Tuesday, December 1, 2015   

Officer 'lured to his death'

Matthew Lee and Eddie Luk

Thursday, March 15, 2001

POLICE believe the officer shot dead in a Kwai Chung housing estate

yesterday may have been lured there by a bogus call from people

intending to snatch his revolver and bullets.

Constable Leung Shing-yan, 23, was sent to handle a noise-complaint

case on the fifth floor of Shek To House, Block B, in Shek Wai Kok

Estate shortly before noon.

A few minutes later a resident reported hearing gunfire and said a

policeman had been shot.

Leung, who had been in the force for four years, was taken to nearby

Yan Chai Hospital where he was pronounced dead on arrival.


His revolver, a .38 calibre Smith & Wesson containing six bullets, and

one extra clip of six bullets were missing.

The constable was shot four times above his left eyebrow, in the

left arm, in the back and in the back of the head after apparently

putting up a struggle against at least two attackers as he also

suffered a knife wound to the neck. A post-mortem examination will

determine if Leung was shot with his own revolver.

More than 100 emergency unit officers, many armed with automatic

weapons and wearing bulletproof vests, cordoned off and searched the

area for more than seven hours. Road blocks were set up, but by late

last night the killer or killers had not been found.

All residents in the immediate block were ordered out of their flats

and searched by armed officers.

Meanwhile, police were unable to trace the caller who filed the

original noise complaint.

"The call was made from a mobile phone, but the number was not

registered to anyone," said Tsuen Wan Assistant Divisional Commander

Superintendent Cheung Koon-wah, adding that "we have not ruled out

that someone lured the officer to the scene".

A police source said it was certain that the officer was lured to the

scene for his gun.

"It appeared to be a well-planned plot. The culprits filed a noise

complaint because they knew only one officer would turn up to

investigate," the source said.

"There must have been at least two culprits at the scene because one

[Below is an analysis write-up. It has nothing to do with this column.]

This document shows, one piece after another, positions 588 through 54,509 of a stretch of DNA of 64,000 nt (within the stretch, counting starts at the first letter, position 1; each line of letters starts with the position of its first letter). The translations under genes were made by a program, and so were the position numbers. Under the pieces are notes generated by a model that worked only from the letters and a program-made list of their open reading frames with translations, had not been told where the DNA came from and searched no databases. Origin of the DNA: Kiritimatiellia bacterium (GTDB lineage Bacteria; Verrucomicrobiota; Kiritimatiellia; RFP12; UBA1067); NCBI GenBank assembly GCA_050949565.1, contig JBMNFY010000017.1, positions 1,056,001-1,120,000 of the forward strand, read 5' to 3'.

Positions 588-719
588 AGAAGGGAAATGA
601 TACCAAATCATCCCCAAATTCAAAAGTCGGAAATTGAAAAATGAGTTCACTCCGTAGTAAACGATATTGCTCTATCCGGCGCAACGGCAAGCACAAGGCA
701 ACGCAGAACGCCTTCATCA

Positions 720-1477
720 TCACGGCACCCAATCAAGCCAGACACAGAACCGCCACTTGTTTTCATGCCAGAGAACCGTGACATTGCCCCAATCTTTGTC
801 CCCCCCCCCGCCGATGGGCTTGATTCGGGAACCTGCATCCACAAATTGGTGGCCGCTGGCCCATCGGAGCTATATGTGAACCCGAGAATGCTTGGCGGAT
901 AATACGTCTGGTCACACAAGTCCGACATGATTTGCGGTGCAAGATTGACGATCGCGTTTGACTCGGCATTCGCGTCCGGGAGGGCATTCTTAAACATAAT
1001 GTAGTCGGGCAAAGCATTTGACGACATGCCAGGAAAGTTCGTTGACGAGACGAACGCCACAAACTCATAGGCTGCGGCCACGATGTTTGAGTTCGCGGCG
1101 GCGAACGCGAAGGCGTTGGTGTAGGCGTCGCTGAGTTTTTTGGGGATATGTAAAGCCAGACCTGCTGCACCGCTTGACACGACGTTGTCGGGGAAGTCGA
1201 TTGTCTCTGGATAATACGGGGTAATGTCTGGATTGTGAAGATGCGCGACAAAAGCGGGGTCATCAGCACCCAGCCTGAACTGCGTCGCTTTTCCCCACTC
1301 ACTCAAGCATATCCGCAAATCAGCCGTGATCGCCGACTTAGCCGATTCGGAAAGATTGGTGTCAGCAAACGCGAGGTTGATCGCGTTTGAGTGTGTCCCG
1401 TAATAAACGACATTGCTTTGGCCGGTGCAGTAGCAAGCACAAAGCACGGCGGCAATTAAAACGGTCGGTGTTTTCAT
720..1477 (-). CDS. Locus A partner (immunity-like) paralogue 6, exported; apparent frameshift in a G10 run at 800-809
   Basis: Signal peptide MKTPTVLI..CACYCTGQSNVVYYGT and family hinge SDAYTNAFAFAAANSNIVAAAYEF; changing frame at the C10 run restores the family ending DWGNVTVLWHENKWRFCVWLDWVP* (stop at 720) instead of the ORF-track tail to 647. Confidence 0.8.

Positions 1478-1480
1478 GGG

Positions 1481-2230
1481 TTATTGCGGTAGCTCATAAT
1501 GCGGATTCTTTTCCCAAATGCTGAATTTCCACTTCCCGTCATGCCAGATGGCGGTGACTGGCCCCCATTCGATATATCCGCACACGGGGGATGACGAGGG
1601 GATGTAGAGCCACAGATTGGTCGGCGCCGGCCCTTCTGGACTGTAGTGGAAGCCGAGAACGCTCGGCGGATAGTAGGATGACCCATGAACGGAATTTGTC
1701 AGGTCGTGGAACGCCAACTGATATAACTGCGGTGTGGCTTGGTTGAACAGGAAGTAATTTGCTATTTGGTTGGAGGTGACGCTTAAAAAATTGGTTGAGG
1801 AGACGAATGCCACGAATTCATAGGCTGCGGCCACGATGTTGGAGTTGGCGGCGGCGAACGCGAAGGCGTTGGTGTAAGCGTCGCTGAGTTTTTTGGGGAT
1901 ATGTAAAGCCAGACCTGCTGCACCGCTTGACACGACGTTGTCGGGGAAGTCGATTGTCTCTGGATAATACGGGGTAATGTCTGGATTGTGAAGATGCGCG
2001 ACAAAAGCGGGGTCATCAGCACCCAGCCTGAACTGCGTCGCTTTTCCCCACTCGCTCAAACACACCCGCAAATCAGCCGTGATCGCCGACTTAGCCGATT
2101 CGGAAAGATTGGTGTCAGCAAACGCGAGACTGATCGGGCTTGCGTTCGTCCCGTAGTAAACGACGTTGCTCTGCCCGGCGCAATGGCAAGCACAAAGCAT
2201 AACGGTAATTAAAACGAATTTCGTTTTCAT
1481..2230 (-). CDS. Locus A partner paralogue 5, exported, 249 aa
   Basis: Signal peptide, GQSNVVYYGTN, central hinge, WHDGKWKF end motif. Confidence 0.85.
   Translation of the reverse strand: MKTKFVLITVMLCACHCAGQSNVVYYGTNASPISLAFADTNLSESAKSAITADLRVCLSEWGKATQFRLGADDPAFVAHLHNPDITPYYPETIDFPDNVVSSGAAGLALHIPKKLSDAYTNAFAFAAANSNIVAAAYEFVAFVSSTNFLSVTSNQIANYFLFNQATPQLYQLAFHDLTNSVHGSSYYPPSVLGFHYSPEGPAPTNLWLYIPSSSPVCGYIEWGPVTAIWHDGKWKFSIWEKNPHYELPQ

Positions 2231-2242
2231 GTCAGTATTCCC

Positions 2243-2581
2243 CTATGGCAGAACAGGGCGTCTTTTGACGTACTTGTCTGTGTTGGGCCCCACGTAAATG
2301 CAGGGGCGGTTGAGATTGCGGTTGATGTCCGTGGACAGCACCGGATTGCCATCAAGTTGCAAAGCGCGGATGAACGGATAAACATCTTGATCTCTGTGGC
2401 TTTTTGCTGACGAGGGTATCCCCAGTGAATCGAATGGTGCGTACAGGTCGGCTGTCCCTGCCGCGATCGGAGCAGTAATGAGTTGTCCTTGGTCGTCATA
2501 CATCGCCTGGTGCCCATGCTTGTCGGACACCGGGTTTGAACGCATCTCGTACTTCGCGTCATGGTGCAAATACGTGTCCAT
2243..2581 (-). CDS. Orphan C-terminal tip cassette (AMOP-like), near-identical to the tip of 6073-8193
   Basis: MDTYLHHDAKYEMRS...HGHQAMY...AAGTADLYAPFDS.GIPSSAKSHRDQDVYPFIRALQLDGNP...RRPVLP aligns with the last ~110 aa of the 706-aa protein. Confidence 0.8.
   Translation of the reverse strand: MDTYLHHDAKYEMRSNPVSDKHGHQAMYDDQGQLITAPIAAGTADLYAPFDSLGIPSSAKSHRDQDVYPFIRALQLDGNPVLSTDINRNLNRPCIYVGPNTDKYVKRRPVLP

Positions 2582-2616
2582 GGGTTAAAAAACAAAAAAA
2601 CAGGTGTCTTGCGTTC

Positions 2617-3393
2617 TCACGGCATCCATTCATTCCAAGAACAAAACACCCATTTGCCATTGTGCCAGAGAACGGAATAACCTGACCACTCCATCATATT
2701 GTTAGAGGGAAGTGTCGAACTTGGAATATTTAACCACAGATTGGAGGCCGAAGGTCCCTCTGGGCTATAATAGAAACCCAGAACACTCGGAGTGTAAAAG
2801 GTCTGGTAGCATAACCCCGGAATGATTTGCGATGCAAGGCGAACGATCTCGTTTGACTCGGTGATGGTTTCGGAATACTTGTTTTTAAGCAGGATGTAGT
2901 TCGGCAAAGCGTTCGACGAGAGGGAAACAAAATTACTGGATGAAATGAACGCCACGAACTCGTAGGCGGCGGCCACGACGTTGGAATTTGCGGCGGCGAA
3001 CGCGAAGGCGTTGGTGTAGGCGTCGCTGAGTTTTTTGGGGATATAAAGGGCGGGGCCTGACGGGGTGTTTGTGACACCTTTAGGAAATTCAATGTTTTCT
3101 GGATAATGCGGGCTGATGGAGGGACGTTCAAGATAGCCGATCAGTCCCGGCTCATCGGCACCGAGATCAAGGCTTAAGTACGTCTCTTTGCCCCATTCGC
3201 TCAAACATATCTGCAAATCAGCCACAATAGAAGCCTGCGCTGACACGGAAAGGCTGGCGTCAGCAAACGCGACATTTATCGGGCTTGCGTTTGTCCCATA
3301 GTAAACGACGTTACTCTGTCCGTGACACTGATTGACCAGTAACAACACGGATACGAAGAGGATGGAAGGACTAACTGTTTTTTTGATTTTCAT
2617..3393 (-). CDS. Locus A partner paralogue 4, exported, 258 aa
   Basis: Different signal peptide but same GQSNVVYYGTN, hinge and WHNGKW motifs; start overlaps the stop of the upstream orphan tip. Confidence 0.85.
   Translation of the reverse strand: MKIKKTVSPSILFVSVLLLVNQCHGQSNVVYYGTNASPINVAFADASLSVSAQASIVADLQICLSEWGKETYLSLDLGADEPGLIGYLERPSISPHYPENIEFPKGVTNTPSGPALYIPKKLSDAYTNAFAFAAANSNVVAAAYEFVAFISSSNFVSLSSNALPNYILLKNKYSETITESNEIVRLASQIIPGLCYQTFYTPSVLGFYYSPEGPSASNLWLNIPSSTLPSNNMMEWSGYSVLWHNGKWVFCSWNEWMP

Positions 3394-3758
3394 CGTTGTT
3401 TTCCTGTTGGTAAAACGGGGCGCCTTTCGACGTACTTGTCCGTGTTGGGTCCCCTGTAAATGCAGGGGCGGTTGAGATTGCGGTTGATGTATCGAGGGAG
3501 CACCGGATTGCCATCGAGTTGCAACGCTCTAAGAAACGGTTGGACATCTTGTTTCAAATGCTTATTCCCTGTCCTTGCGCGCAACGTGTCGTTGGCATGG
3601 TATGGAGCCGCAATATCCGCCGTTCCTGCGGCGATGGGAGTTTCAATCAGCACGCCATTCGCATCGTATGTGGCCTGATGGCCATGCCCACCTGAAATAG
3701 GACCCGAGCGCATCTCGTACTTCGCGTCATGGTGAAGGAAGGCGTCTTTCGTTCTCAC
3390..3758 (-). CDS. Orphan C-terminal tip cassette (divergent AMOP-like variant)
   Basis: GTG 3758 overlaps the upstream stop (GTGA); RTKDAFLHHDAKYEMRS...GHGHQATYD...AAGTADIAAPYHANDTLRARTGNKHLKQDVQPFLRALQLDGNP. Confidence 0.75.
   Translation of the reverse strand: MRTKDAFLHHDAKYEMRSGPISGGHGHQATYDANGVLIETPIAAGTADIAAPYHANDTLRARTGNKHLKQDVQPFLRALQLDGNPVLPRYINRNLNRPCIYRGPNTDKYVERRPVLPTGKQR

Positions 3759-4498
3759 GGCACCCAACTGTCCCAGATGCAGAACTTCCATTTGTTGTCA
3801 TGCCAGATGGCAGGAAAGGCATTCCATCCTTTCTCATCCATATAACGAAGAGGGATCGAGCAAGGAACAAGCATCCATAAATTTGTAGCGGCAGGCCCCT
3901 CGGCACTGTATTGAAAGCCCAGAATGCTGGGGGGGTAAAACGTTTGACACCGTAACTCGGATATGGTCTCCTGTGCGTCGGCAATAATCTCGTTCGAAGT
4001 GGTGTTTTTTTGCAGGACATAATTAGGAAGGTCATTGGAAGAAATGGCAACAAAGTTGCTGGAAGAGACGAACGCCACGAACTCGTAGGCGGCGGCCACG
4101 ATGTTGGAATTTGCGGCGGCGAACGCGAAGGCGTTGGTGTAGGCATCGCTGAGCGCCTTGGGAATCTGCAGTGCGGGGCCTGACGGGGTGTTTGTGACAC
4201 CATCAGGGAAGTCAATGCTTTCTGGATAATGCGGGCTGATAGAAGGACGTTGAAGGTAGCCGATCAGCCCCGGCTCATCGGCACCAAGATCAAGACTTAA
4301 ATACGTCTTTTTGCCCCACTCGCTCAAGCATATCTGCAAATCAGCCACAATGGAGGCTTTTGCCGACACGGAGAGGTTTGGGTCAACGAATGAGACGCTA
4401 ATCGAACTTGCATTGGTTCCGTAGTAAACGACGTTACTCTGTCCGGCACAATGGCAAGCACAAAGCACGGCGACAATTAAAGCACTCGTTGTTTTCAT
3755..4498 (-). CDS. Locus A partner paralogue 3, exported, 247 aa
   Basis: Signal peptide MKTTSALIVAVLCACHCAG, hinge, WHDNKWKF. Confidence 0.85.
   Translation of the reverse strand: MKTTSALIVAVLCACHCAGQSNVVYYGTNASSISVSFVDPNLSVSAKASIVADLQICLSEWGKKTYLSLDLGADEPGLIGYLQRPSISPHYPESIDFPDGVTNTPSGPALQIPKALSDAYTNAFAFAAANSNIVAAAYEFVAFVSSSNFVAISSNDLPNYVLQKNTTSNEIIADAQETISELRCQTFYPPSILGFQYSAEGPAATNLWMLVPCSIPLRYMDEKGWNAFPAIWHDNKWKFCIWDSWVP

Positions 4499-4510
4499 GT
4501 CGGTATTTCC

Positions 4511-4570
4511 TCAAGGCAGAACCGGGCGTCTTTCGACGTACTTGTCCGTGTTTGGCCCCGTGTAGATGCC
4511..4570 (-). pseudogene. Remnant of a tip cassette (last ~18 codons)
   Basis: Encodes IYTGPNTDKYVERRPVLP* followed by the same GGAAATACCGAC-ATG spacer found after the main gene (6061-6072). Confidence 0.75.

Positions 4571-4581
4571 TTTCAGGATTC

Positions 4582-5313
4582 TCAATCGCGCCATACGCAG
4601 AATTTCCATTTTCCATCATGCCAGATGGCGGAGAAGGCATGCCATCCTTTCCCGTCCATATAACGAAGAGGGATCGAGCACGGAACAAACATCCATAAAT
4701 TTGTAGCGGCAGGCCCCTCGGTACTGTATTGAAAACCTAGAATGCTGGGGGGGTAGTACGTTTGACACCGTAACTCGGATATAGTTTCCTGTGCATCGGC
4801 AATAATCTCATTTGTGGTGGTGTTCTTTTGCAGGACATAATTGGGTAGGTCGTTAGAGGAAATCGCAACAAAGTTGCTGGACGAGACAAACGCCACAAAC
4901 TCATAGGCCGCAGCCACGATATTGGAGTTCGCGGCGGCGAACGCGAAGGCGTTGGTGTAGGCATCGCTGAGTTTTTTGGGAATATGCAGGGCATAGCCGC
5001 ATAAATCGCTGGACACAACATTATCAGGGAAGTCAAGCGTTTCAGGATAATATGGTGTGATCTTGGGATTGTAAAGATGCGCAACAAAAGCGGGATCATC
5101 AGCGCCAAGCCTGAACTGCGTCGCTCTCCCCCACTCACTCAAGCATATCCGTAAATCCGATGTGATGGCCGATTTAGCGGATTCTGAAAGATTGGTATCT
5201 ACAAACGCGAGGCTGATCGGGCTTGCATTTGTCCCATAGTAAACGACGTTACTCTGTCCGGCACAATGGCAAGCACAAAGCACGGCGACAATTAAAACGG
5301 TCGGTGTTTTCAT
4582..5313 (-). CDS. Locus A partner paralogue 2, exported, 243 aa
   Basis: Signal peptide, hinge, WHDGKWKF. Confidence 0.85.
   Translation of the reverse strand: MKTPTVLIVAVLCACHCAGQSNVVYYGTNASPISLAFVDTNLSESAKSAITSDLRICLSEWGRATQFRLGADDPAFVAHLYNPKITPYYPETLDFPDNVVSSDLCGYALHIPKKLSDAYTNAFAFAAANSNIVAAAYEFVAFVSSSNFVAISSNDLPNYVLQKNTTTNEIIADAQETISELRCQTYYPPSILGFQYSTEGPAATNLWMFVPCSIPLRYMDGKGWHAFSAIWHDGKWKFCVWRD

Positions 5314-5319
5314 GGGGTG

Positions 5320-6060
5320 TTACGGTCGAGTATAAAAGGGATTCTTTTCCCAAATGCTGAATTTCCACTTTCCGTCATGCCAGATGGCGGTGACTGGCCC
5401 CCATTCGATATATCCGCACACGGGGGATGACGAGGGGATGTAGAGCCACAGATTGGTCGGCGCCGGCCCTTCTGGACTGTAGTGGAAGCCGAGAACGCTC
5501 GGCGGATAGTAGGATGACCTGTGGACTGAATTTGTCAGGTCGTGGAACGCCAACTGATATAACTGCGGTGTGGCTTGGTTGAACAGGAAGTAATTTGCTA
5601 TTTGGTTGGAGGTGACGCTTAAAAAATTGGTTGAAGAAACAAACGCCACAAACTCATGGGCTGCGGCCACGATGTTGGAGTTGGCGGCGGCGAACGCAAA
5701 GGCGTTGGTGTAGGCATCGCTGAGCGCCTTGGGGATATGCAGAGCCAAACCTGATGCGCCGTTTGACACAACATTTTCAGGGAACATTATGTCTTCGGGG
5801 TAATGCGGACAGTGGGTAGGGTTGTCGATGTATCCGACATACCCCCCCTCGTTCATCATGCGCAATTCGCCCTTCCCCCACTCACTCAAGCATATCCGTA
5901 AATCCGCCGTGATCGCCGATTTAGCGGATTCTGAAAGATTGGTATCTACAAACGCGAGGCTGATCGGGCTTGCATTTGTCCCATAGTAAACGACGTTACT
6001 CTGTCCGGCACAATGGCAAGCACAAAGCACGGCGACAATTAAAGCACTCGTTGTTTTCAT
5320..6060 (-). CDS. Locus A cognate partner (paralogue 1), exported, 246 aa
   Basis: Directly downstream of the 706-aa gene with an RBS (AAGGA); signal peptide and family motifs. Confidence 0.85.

of them was holding a knife."

Leung's body was found outside flat 552, and last night police took

two boxes and one plastic bag containing what appeared to be clothes

from the scene. They also took the front door of flat 553. The tenant,

a Ms Chan, said she was only told that it was wanted as evidence.

Ms Chan said the tenants of flat 552 were a man believed to be in his

20s and his elderly mother.

Commissioner of Police Tsang Yam-pui said he was deeply saddened by

Leung's death. He vowed the force would spare no effort to bring those

responsible to justice.

"I would like to express my sincere condolences to the family,

friends and colleagues of the constable. I wish to assure them that

resources have been deployed to ensure that a full and thorough

investigation into this terrible tragedy is conducted," he said.

Junior Police Officers' Association chairman Lau Kam-wah said his

colleagues mourned the death of the officer and would do whatever they

could to help his family.

Leung joined the force in 1996. Being the eldest son and still single,

he provided the main source of income for his family. As he died in

the line of duty, Leung will receive a funeral with the force's

highest honours and be buried at Gallant Garden in Fan Ling.

Editorial: Page A10



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